The Best Steak
An anniversary dinner, and a cooking method you should try
A few weeks ago in The Bulwark, I wrote about independent YouTube channels, run by people who are hobbyists or self-trained experts. Some of the clearest, most useful information I come across is often from these channels. You can learn about absolutely anything. There are several people who refinish furniture and explain the process in detail. There’s a guy who does a great car buying and repair show, demonstrating, for example, that with a good mechanic you can often buy an ailing car and fix it up for less than buying a good one up front. (“Good mechanic,” of course, does a lot of work there.)
But really, think of any home repair or general work-with-your-hands hobby or skill, and you can find serious, granular information on YouTube, from someone dedicated and well-versed, but often informally or self-taught.
I spent a good chunk of the article talking about Guga, an apparently self-trained cook who runs two channels, Guga Foods and Sous Vide Everything. Don’t be fooled by their big numbers and slick production quality; they didn’t start like that, and they’ve been incrementally improved over the years.
When my parents bought my wife and I a sous vide cooker/immersion circulator last Christmas, we found that Guga’s channels were the most useful places to learn the details and intricacies of this new form of cooking. The mainstream food sources weren’t cutting it:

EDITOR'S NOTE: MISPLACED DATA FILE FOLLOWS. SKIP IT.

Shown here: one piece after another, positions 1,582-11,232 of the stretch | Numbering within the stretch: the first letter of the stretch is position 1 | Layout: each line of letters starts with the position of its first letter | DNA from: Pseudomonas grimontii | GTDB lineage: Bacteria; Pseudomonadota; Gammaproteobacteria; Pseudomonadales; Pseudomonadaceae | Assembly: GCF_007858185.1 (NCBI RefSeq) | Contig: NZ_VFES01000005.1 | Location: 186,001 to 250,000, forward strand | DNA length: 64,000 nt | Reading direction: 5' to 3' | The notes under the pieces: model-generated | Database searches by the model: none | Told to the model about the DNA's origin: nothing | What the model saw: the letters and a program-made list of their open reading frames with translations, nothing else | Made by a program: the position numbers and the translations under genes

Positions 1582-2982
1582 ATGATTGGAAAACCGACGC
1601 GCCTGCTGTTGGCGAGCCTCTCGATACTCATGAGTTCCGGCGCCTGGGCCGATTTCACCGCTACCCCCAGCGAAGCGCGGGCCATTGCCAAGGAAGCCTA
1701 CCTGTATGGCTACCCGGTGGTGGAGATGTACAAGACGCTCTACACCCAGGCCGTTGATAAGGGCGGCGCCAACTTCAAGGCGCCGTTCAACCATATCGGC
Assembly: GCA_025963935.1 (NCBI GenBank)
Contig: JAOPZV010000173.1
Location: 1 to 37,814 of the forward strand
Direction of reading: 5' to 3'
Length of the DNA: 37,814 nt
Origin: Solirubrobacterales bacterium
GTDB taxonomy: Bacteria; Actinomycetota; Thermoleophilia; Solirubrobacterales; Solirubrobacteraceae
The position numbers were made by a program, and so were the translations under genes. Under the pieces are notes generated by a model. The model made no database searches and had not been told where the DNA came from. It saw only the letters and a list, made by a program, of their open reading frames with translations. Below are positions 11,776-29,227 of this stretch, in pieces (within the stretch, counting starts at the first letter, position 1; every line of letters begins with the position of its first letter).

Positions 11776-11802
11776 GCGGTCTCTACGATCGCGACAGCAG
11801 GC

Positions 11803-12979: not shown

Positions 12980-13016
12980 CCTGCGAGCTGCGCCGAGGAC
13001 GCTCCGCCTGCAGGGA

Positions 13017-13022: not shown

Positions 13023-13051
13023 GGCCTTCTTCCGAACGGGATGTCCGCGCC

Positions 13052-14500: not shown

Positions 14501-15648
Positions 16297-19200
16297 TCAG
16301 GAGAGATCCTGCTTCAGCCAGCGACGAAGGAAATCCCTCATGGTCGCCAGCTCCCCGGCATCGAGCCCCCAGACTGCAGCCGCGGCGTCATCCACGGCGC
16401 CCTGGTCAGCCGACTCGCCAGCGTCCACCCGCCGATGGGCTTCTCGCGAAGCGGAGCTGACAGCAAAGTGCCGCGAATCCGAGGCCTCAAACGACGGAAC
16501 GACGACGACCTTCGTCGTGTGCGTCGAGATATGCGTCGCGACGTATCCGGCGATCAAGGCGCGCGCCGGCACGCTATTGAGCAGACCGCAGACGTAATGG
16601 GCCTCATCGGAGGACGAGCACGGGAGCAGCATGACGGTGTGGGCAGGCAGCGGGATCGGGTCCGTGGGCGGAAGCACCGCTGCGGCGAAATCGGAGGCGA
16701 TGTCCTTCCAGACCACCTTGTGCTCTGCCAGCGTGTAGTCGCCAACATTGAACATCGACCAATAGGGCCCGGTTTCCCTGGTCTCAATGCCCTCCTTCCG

If you want answers to your questions about steak, don’t bother watching this Epicurious video called “Your Steak Questions Answered By Experts.” That’s what I found out, anyway, as my wife and I were trying to learn how to make steaks with the sous-vide immersion circulator we got for Christmas last year.
You may have heard of sous vide as a fancy restaurant trick, or from those Starbucks egg bites; perhaps you don’t really know what it is. Sous vide refers, technically, not to the device, but to the method: you vacuum-seal your food in a bag, and cook it in a precisely controlled, low-temperature water bath until you reach your desired internal temperature—then you sear or finish the food after patting it dry.
It’s definitely a weekend dinner thing, not an everyday thing, but the devices, called immersion circulators, can be had for $100 these days. And unlike so many kitchen gadgets and gimmicks, from electric pizza ovens to air fryers to any other complicated appliance, the immersion circulator has been genuinely useful, and its simplicity means it basically just works unless the device breaks. It’s a forgiving and easy cooking method, yet it also produces really excellent food.
Our usual sous vide dinner is a ribeye steak. You can throw in a hot pan for a couple of minutes per side, and then throw the pan in the oven for 10 minutes, and done. But the sous vide steak is a revelation. The method allows you to set a medium rare temperature—131 to 135 Fahrenheit—for as long as you want, such that the fat becomes soft and semi-rendered all the way through, and the center and edges are cooked to the same perfect doneness. Then you just basically flash-fry it in a very hot pan, enough to put a sear on it but not enough to produce much of a “gray band” into the steak’s interior. In other words, a medium-rare sous vide steak isn’t “warm red center,” it’s warm red all the way through.